interest-based advertising

Google’s future in behavioral targeting looks bleak

The future of behavioral targeting is in danger. With an ongoing Congressional investigation and growing privacy concerns, it looks as though consumers and regulators are not keen to have advertisers track web surfing behavior online. But there’s another side to the story — does behavioral targeting even work?

The idea is that by following users online, they can get a clearer idea of people’s buying habits and serve more relevant advertising to them. If that is not true, the case for behavioral targeting falls apart. And if preliminary results from Google’s nascent attempts are any indication, BT does not appear to be working for the search giant.

According to Jim Brock, founder of PrivacyChoice,
chairman of Attributor, and former senior VP at Yahoo, Google’s “interest-based advertising” only reaches about 25% of AdSense sites. 

Google opens AdSense up to ad networks

AdSense publishers received some potentially good news the other day: Google is opening up AdSense to third party ad networks.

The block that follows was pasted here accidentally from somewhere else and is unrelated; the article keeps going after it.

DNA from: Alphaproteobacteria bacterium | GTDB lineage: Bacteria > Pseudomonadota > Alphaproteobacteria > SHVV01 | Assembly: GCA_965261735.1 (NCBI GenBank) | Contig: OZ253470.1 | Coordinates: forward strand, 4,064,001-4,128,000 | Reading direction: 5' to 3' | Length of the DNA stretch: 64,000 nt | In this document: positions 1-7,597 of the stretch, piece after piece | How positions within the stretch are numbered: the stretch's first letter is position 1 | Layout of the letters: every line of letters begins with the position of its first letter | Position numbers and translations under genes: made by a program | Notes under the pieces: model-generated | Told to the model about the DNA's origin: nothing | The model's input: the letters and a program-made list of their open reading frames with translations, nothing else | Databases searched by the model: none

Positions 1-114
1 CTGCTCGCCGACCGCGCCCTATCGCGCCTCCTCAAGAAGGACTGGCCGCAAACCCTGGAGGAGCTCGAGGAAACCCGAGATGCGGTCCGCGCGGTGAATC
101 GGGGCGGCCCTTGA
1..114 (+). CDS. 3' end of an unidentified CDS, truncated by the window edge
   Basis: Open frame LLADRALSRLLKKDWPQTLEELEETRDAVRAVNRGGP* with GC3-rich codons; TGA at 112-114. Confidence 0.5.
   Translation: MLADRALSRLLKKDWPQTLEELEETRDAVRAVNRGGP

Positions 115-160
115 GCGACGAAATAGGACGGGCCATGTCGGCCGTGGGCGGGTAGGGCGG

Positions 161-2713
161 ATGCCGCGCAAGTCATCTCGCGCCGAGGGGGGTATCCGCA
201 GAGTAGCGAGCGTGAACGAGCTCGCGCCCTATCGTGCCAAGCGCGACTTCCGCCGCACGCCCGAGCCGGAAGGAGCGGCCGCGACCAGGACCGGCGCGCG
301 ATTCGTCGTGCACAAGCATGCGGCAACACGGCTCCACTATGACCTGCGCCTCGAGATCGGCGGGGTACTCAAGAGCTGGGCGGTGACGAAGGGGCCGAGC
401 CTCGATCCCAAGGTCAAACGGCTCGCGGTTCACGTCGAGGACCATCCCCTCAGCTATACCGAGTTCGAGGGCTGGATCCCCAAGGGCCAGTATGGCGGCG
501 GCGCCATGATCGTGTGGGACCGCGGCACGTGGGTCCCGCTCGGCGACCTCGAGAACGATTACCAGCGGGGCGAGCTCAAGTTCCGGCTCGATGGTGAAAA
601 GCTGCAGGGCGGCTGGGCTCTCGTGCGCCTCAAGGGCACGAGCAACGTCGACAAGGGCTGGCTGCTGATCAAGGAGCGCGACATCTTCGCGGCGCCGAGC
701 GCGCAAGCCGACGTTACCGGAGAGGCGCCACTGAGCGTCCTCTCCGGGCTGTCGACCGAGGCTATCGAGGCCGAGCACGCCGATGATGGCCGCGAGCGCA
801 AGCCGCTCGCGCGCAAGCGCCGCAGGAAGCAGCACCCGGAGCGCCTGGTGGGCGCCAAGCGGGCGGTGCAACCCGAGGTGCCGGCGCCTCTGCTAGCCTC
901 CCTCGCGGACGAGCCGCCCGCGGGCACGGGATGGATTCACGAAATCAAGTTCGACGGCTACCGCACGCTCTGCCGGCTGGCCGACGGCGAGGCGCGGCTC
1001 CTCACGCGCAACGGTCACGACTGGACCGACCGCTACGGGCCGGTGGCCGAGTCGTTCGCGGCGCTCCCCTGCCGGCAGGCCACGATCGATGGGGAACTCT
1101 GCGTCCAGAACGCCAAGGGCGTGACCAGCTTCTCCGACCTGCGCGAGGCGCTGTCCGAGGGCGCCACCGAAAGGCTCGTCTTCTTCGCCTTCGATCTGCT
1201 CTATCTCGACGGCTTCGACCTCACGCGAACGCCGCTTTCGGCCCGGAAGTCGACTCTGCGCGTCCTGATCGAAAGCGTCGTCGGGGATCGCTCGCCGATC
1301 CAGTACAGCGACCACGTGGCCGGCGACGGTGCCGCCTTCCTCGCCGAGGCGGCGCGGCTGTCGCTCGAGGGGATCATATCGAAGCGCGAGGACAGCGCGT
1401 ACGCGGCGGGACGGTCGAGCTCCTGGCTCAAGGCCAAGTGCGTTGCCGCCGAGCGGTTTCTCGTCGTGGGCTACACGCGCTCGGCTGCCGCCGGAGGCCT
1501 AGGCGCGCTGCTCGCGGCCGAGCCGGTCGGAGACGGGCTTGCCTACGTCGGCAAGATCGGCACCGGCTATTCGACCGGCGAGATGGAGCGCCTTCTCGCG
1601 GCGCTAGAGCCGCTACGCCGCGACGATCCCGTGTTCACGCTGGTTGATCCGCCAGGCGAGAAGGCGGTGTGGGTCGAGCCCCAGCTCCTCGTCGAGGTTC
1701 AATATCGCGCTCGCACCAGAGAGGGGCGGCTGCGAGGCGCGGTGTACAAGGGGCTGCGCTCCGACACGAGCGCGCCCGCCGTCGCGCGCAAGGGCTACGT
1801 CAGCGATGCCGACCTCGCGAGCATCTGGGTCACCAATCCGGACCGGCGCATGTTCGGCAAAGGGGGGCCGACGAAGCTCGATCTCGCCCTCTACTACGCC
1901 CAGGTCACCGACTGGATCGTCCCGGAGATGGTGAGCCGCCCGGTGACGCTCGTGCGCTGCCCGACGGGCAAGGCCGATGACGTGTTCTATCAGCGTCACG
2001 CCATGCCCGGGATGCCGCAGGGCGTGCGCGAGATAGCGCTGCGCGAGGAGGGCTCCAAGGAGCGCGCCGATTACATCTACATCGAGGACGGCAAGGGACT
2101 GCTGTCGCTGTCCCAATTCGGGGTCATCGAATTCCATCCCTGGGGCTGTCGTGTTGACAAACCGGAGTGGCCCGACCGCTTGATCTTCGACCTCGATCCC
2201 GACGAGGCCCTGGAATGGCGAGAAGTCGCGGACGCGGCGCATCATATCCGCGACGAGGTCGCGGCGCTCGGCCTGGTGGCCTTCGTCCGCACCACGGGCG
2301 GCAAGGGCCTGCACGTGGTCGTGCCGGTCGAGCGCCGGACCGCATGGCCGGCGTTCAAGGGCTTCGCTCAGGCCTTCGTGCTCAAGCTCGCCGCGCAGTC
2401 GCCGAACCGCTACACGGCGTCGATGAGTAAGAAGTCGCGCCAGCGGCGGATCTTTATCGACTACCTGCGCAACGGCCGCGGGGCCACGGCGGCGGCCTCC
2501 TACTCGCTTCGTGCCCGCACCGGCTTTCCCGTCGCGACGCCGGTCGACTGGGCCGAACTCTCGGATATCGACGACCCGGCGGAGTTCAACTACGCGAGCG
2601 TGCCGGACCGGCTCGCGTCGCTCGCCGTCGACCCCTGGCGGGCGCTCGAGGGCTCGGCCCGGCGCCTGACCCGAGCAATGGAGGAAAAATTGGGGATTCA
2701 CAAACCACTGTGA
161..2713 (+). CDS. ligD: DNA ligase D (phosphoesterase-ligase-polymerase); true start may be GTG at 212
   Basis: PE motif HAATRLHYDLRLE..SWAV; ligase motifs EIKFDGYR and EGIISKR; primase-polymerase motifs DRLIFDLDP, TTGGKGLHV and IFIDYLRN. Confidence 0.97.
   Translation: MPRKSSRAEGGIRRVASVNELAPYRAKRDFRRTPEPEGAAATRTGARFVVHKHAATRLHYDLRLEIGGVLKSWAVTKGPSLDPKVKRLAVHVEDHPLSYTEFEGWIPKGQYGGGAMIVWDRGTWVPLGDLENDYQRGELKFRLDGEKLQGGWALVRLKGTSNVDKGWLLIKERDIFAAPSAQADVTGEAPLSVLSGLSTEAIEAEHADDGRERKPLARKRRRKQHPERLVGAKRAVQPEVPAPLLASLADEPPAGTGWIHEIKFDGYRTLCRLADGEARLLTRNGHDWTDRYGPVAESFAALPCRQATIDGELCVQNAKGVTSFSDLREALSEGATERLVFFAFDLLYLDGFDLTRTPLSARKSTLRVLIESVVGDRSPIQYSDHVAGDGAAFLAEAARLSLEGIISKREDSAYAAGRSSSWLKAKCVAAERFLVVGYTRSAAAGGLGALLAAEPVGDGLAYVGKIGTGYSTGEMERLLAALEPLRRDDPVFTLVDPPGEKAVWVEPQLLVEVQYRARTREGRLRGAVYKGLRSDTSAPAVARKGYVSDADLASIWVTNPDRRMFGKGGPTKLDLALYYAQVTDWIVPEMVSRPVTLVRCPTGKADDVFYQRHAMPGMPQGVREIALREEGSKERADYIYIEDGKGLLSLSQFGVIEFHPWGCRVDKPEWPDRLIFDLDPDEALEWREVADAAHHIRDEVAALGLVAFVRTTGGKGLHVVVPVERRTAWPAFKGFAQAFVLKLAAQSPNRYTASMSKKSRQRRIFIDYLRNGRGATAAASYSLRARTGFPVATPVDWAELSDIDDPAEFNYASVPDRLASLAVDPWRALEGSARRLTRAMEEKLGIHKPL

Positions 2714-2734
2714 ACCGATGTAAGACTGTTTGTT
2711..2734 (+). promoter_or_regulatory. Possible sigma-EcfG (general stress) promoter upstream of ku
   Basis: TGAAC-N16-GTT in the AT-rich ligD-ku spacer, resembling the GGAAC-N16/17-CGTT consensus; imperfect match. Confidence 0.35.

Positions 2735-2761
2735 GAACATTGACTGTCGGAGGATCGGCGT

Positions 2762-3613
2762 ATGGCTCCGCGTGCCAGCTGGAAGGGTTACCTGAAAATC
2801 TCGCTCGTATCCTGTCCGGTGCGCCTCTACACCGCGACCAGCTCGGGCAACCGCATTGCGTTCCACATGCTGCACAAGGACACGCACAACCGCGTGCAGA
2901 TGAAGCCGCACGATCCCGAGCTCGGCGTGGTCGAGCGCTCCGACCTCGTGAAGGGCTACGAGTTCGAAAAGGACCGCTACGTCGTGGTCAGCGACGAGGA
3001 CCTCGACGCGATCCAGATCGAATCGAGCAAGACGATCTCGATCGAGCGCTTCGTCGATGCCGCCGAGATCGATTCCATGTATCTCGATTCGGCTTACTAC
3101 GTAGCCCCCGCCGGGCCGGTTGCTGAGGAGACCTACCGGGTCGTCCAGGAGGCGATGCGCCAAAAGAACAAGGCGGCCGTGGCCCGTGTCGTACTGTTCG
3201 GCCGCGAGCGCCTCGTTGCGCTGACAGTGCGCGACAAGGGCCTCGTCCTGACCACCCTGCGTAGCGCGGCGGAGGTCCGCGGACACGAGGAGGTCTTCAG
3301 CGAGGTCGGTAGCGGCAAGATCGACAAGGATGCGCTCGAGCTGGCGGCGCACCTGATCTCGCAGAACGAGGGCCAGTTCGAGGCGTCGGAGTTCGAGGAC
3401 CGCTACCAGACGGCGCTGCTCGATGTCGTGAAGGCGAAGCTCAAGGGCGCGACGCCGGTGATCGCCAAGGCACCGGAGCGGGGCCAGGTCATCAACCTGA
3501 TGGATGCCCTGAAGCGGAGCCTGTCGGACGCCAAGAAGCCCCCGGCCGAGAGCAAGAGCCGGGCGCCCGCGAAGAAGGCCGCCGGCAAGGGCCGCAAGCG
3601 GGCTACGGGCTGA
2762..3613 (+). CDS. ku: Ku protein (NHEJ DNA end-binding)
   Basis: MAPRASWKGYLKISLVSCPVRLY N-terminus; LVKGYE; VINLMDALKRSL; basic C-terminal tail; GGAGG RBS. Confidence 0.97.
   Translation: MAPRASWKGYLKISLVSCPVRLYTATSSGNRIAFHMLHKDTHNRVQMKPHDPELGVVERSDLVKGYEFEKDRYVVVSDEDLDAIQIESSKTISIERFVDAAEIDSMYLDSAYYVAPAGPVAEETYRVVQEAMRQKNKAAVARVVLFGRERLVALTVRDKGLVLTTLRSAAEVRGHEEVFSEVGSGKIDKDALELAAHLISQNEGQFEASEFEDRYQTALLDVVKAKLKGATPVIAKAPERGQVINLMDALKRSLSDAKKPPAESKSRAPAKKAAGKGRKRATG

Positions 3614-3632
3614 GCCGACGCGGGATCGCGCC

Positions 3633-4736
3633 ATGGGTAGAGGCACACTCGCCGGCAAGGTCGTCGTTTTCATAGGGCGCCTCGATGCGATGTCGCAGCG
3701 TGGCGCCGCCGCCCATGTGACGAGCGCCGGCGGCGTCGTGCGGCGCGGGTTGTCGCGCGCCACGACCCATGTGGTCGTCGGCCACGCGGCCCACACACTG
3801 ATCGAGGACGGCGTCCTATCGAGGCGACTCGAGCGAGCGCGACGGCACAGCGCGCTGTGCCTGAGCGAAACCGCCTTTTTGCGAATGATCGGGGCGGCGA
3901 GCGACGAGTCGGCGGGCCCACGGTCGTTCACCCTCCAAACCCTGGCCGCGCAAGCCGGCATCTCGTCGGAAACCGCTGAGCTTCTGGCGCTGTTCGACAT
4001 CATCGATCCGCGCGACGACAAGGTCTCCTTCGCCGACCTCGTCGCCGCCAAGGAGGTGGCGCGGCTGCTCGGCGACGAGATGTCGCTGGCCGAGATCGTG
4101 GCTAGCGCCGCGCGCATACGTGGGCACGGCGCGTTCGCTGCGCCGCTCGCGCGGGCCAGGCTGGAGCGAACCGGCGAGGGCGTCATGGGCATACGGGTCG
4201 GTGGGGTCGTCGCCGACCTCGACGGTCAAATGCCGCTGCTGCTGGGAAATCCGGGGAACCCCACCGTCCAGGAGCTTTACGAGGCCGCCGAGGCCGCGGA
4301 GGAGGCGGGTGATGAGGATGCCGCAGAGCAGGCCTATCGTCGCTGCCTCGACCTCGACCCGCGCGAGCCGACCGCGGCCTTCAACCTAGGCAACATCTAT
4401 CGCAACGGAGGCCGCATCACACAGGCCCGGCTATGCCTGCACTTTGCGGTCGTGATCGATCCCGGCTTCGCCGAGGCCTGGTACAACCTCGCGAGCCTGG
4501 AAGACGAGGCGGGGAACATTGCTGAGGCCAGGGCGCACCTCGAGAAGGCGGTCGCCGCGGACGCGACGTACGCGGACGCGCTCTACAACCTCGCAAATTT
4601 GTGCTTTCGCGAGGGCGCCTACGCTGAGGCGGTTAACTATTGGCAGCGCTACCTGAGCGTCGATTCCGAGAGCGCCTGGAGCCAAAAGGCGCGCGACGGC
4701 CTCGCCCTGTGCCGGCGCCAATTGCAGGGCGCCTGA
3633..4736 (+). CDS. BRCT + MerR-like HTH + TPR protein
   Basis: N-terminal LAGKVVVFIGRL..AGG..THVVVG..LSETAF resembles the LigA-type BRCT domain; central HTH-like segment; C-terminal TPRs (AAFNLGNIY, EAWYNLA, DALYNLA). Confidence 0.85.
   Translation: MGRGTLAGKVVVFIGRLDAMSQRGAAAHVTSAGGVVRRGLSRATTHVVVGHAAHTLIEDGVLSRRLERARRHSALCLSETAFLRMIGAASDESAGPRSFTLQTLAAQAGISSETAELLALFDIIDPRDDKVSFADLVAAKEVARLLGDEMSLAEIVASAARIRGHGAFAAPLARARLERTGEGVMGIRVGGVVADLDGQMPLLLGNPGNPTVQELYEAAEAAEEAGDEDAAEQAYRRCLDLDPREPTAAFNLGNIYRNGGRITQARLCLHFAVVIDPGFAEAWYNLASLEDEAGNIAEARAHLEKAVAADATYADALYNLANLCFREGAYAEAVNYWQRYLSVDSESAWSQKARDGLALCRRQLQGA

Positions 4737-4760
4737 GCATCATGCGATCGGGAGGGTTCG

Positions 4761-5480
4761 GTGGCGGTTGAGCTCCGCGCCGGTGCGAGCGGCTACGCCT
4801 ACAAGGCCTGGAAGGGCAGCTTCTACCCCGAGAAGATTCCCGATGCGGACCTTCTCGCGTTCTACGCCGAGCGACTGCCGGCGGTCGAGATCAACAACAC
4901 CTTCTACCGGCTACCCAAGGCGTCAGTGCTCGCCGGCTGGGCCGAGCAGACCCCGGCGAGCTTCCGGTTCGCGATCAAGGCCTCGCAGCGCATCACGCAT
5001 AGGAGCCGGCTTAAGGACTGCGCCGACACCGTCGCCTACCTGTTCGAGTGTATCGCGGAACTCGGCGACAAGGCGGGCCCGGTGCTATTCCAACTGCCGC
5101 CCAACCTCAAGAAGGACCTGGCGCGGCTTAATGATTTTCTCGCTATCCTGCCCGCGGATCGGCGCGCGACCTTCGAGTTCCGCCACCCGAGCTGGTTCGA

The move, which will enable these ad networks to compete with AdWords advertisers for available AdSense inventory, is clearly designed to boost Google’s revenue from the AdSense program.

Google believes that “more competition [will translate] into better ads and increased revenue in the long
“. Because Google shares revenue with AdSense publishers, any gains seen by Google should also benefit publishers.

Google preps AdSense publishers for launch of interest-based ads

Google continues to redouble its efforts on its core business – advertising – and on Wednesday launched a beta of what it is calling “interest-based advertising“.

Interest-based ads add a new dimension to ads on Google. Unlike ads that are completely contextual, interest-based ads “associate categories of interest…with your browser, based on the types of sites you visit and the pages
you view